Stephen Davis on the future of corporate governance, shareholder activism, and proxy voting

Growthpolicy.org interview with Dr. Stephen Davis, Associate Director and Senior Fellow, Harvard Law School Programs on Corporate Governance and Institutional Investors. In November 2017, Growthpolicy.org spoke with Dr. Stephen Davis on the future of corporate governance, shareholder activism, and proxy voting. To contact Dr. Davis: 1. Harvard Law School bio: https://pcg.law.harvard.edu/stephen-m-davis/ 2. Twitter @SMDavisCorpGov: https://twitter.com/SMDavisCorpGov 3. LinkedIn: https://www.linkedin.com/in/stephen-davis-6282424/ 4. Video of London Business School “Leading Minds” session to launch What They Do With Your Money: How the Financial System Fails Us, and How to Fit Ithttps://www.youtube.com/watch?v=FurdWskNPN0 5. Book: Stephen Davis, Jon Lukomnik, David Pitt-Watson, What They Do With Your Money: How the Financial System Fails Us and How to Fix It (Yale University Press, 2016): https://www.amazon.com/What-They-Your-Money-Financial/dp/0300194412 Interviewed by: Devjani Roy, Project Advisor, Growthpolicy.orghttps://www.linkedin.com/today/author/devjaniroy?trk=pprof-feed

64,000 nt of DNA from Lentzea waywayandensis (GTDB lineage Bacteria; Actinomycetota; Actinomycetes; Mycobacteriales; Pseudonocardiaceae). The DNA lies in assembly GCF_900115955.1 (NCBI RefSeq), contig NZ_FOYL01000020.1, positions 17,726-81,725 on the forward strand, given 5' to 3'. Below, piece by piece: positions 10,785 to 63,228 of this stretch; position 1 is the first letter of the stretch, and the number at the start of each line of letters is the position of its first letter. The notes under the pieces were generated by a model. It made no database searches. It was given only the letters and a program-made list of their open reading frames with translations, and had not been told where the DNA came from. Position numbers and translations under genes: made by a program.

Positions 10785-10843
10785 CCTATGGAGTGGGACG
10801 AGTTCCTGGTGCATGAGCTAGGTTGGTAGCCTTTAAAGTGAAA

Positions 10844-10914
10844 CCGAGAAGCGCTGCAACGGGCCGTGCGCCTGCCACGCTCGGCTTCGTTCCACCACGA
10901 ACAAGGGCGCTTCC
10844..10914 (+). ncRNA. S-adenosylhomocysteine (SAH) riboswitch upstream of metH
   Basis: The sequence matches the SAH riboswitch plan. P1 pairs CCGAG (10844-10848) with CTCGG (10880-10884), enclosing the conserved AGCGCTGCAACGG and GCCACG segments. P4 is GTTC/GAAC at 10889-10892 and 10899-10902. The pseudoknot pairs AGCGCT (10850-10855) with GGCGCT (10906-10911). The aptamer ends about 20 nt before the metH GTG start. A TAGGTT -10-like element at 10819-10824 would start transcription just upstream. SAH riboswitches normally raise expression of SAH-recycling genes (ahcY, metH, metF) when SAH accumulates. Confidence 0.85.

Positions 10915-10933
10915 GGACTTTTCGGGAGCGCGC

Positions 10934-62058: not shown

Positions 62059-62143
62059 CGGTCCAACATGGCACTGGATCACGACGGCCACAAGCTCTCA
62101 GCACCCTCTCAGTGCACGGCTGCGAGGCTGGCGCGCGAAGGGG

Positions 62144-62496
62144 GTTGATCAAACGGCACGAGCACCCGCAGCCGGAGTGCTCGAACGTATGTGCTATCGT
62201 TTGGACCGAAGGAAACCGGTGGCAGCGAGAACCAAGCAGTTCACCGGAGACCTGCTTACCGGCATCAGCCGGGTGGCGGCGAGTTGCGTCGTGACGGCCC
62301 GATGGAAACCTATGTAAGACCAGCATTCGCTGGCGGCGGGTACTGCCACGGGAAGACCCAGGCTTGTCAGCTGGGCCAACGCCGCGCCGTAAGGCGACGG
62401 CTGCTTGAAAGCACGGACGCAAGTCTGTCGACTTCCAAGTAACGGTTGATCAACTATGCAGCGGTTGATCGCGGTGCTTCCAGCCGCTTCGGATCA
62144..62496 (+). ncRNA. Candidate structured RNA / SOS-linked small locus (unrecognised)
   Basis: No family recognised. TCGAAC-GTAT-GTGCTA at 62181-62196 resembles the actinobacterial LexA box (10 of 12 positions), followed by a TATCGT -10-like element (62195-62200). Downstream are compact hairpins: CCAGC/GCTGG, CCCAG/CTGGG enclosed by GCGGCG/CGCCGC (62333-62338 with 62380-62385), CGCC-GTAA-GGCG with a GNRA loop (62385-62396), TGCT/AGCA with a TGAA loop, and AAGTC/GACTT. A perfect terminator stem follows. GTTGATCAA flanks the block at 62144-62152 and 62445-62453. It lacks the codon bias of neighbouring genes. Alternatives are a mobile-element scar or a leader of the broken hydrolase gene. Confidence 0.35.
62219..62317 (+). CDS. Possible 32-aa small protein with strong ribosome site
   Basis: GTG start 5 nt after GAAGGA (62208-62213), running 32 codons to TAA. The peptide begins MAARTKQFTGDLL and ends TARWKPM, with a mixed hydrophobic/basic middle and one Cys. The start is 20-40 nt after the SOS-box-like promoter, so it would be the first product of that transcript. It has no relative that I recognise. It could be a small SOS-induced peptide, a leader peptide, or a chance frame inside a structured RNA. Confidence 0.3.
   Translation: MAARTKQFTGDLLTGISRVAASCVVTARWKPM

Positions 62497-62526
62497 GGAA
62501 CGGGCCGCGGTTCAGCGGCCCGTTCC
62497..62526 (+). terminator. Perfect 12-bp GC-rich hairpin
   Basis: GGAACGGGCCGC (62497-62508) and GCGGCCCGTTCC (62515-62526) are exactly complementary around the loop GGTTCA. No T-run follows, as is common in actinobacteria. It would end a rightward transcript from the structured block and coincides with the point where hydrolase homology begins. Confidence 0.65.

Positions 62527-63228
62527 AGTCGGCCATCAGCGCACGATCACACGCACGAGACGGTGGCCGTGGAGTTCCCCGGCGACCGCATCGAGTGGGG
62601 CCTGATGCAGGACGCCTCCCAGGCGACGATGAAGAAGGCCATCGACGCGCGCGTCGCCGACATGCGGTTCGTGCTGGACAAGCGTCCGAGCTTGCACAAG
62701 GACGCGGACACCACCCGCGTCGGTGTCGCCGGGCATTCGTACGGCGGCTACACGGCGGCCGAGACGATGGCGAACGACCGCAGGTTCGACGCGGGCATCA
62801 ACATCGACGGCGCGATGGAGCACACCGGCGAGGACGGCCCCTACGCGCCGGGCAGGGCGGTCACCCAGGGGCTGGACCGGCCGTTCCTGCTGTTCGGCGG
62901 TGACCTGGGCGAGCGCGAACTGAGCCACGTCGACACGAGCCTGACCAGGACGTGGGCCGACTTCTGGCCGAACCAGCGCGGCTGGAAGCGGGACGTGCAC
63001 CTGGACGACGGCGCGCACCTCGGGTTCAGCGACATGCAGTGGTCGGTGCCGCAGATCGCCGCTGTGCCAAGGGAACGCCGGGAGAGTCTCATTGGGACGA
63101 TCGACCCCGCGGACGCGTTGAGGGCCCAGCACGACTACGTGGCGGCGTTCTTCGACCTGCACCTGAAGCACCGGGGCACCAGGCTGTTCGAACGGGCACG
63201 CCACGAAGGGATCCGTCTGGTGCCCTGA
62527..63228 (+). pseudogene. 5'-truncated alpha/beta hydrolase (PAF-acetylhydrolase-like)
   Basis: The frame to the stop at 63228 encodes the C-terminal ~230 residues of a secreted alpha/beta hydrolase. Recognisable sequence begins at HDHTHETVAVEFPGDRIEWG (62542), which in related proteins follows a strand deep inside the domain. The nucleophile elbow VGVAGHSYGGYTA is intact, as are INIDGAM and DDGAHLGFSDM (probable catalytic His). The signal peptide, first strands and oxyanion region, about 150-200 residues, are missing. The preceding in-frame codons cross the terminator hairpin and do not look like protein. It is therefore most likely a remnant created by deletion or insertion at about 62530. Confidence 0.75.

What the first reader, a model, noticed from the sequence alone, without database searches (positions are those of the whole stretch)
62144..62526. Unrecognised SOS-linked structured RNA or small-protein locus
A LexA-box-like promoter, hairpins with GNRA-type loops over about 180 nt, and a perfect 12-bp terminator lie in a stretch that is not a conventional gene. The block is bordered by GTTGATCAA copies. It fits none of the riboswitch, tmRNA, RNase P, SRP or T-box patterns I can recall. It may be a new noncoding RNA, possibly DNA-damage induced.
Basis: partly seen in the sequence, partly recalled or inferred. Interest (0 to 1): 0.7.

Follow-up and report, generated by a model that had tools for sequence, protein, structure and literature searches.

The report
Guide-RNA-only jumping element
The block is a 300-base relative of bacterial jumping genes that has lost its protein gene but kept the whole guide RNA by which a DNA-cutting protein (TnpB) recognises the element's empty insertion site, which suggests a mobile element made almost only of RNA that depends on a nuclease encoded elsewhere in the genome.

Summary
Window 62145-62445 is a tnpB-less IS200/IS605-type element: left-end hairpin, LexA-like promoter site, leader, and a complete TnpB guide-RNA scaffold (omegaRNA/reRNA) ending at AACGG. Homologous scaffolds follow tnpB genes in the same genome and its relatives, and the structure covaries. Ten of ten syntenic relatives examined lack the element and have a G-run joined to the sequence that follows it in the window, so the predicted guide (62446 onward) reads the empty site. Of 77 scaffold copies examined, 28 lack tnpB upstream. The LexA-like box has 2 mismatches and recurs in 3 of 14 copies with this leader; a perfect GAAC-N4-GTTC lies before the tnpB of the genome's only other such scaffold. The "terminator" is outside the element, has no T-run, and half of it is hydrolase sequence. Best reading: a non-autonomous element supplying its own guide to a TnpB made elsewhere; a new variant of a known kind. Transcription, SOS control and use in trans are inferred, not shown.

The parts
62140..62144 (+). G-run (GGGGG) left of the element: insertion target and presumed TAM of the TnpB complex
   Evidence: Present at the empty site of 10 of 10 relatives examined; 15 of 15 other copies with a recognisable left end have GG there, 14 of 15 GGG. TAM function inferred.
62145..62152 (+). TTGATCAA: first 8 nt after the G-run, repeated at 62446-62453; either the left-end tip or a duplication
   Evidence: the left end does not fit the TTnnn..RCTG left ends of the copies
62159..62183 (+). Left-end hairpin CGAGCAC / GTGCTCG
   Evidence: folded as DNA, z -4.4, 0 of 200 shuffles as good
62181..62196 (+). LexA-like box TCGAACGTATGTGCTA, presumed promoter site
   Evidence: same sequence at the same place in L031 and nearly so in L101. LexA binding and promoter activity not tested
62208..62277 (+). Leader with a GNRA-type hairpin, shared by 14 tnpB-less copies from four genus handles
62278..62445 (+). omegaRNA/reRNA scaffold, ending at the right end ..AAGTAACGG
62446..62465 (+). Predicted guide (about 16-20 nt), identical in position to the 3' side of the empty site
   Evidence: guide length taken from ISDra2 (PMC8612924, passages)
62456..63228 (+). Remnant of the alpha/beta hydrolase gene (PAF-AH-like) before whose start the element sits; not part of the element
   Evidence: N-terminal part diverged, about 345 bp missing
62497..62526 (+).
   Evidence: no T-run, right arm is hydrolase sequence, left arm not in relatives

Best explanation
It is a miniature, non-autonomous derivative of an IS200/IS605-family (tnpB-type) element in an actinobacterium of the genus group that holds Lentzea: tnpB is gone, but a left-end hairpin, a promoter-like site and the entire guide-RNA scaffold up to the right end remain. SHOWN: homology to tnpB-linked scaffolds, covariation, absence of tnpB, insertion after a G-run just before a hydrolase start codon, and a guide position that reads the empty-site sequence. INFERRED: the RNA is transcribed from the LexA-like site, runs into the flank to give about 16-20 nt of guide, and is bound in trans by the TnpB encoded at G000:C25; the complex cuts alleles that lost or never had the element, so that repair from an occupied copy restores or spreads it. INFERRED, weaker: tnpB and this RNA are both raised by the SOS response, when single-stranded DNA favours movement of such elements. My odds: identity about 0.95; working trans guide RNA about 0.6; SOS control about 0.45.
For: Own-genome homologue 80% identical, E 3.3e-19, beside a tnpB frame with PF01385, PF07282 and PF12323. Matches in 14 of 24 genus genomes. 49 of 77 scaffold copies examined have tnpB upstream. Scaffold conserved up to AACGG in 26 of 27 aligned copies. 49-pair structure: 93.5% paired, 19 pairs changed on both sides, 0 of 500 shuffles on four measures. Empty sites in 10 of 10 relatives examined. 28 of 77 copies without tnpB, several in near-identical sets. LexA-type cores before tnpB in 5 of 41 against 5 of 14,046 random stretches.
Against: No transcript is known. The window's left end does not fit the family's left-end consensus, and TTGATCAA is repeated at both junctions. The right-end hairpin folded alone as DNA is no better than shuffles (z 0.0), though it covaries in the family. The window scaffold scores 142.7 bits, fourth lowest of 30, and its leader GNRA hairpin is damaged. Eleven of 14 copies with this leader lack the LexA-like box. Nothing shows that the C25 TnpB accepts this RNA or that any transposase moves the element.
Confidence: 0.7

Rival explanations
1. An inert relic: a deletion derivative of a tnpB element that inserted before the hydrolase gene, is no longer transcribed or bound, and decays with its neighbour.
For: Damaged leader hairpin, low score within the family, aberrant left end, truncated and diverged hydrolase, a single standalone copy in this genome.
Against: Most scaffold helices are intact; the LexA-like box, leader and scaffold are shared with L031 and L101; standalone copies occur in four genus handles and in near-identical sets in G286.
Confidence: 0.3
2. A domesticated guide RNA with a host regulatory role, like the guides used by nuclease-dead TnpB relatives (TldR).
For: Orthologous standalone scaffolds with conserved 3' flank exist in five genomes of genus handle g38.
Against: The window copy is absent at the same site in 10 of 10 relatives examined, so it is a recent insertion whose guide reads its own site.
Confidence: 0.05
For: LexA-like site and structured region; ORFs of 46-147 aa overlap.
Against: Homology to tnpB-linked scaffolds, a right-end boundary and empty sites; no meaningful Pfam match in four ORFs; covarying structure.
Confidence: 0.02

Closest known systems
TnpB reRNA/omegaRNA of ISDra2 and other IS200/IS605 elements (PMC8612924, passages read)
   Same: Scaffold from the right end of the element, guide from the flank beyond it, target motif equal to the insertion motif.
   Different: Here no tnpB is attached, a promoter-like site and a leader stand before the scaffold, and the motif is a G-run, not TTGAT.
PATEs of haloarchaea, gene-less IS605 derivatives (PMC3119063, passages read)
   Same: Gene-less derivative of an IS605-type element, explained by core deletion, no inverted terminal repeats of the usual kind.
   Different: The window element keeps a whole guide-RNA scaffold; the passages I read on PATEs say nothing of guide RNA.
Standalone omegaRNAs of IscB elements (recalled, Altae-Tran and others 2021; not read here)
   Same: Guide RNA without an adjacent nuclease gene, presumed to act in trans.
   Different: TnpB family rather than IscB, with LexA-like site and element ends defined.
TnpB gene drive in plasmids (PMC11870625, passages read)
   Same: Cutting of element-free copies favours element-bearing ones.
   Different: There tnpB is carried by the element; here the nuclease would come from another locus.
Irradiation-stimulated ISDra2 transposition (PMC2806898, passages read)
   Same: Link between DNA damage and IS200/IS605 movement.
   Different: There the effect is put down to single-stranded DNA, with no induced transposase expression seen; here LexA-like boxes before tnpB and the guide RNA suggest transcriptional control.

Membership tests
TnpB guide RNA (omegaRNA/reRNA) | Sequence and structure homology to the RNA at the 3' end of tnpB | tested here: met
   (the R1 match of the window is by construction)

Growthpolicy.org: In July 2016, a small cohort of America’s best-known business leaders signed their name on a set of voluntary guidelines titled “Commonsense Corporate Governance Principles.” What, in your opinion, are the most pressing topics that affect corporate governance today, outside of SEC regulations and stock exchange listing rules? Davis: The Commonsense Principles were a helpful step. But they were framed as a one-off statement and were authored principally by corporate executives. That’s not what the U.S. capital market best needs right now. Instead, what would be most helpful would be the approach tested elsewhere of principles framed by all major parties in the market, and with an ongoing process to encourage take up and revisions of guidelines over time.  That way principles could become a living, influential asset to the market. An important partial step in this direction is the Investor Stewardship Principles (ISG), the first effort by an investor collective—now more than 40 funds strong—to set out best practices principles. It comes into effect in January 2018. This too has one-sided authorship—in this case investors rather than corporates. But the ISG is conceived as a long-term initiative with a secretariat, periodic assessments, and a commitment among signatories to advance objectives through engagement with portfolio companies. This approach is closer to the stewardship principles model used in other markets, and should help move communications between companies and investors to a new level where long-term value is a central focus. Among the key issues investors need to address to achieve sustainable value creation is whether a board is diversified enough so that it has eyes on markets of tomorrow; whether it has independent leadership such as an outside chair with independent information to perform effective oversight of management; and whether it has a credible framework for understanding and managing the many cyber and intangible risks facing business. Growthpolicy.org: The agency problem and investment managers: Investment managers, hedge fund managers, investment management companies—the large pension funds, the Blackrocks and the Vanguards of the capital markets—work at the intersection of the agency problem in economics. How can corporate governance evolve to make sure such financial agents put investors’ interests first, subvert the problem of moral hazard, and act as reliable financial stewards of the capital they are entrusted with? Davis: We are at a historic tipping point in capital markets. The big three institutions—Blackrock, Vanguard, and State Street Global Advisors (SSGA)—have in only the past two years moved from treating corporate governance as chiefly a compliance exercise designed to keep regulators and lawyers happy to handling it as a stewardship responsibility with relevance to value and risk. We can see the implications of that profound transformation internally with a doubling of staffs in each of these shops and the lifting of status of stewardship professionals within each. Externally, we can track the change with, for instance, the milestone vote in 2017 by all three against management on climate change at ExxonMobil; the statements by CEOs of all three on the need for corporate attention to board diversity and climate risk; and the embrace of the high-profile ‘Fearless Girl’ campaign on diversity by SSGA. None of this would have been conceivable a handful of years ago. Reasons for the shift are not yet well explored, but they are likely to include signals from sales staffs at these funds that millennial investors, who are emerging as the chief suppliers of capital to markets, are increasingly interested in aligning their savings with their values. However, evidence shows that the evolution from compliance to stewardship is happening at two speeds. The big three may be moving quickly, but other mutual funds are stuck in sluggish gear. What will bring the investor world as a whole to more attentive ownership—after all, a bedrock doctrine of effective capitalism—is the involvement of grassroots savers, who have been largely left out of corporate governance law, regulation, and codes. One group representing such individuals is ShareAction (disclosure: I am a trustee), based in London. We need a similar body—what I call a ‘MoveOn.org for the investor class’—in North America. Its mission would be to advocate that institutional investors behave as accountable stewards of capital to advance sustainable, responsible, and well-performing listed companies. Growthpolicy.org: Shareholder activism and corporate governance: 2017 has seen some high-profile instances of shareholder activism. What, according to you, lies ahead for shareholder activism, particularly as a force that can change corporate governance? Davis: Activist investors come in many stripes; some with ideas that can gut a target company’s capacity for long-term success, others with sound analysis and ideas that build long-term performance. Markets tend to sort them out fairly quickly. That’s because activists typically hold only a sliver of a company and depend for success on persuading the big funds to join them. Big funds won’t do that if they distrust the motives and track records of the activists. But unlike, say, five years ago, those same big funds will now absolutely join activists they believe in when a target company is troubled. The trend line is clear that big funds will often rely on activists to identify targets, do the research, and propose solutions. Curiously, many activists have shown themselves awkward at building long-term relationships with the big funds, showing a preference for insularity and opacity. I would forecast that in the near to medium term activists will likely shift toward more transparency and relationship building just as big funds have shifted toward acceptance of activists’ legitimacy. Growthpolicy.org: What is your opinion on the current proxy voting process? What needs to change for better practices in corporate governance? Given some recent highly divisive proxy fights, do you believe we need more unified practices, or a standard code, for proxy contests? Davis: No one would voluntarily build the complex proxy ballot system we have now. But we inherited it from a time when proxies were generally conducted for compliance purposes, not to decide real power struggles within listed companies. That companies such as Broadridge and regulators have been able to keep the framework alive is a tribute to their ingenuity. But the truth is that a ground-up overhaul would be a painful but welcome development. The problem is that entrenched interests would work to block it; and the high levels of distrust in markets could derail it. The main principles would be simplicity, integrity (that is, credible independent parties responsible for distributing, counting, and certifying the vote), maximum accessibility, and low cost.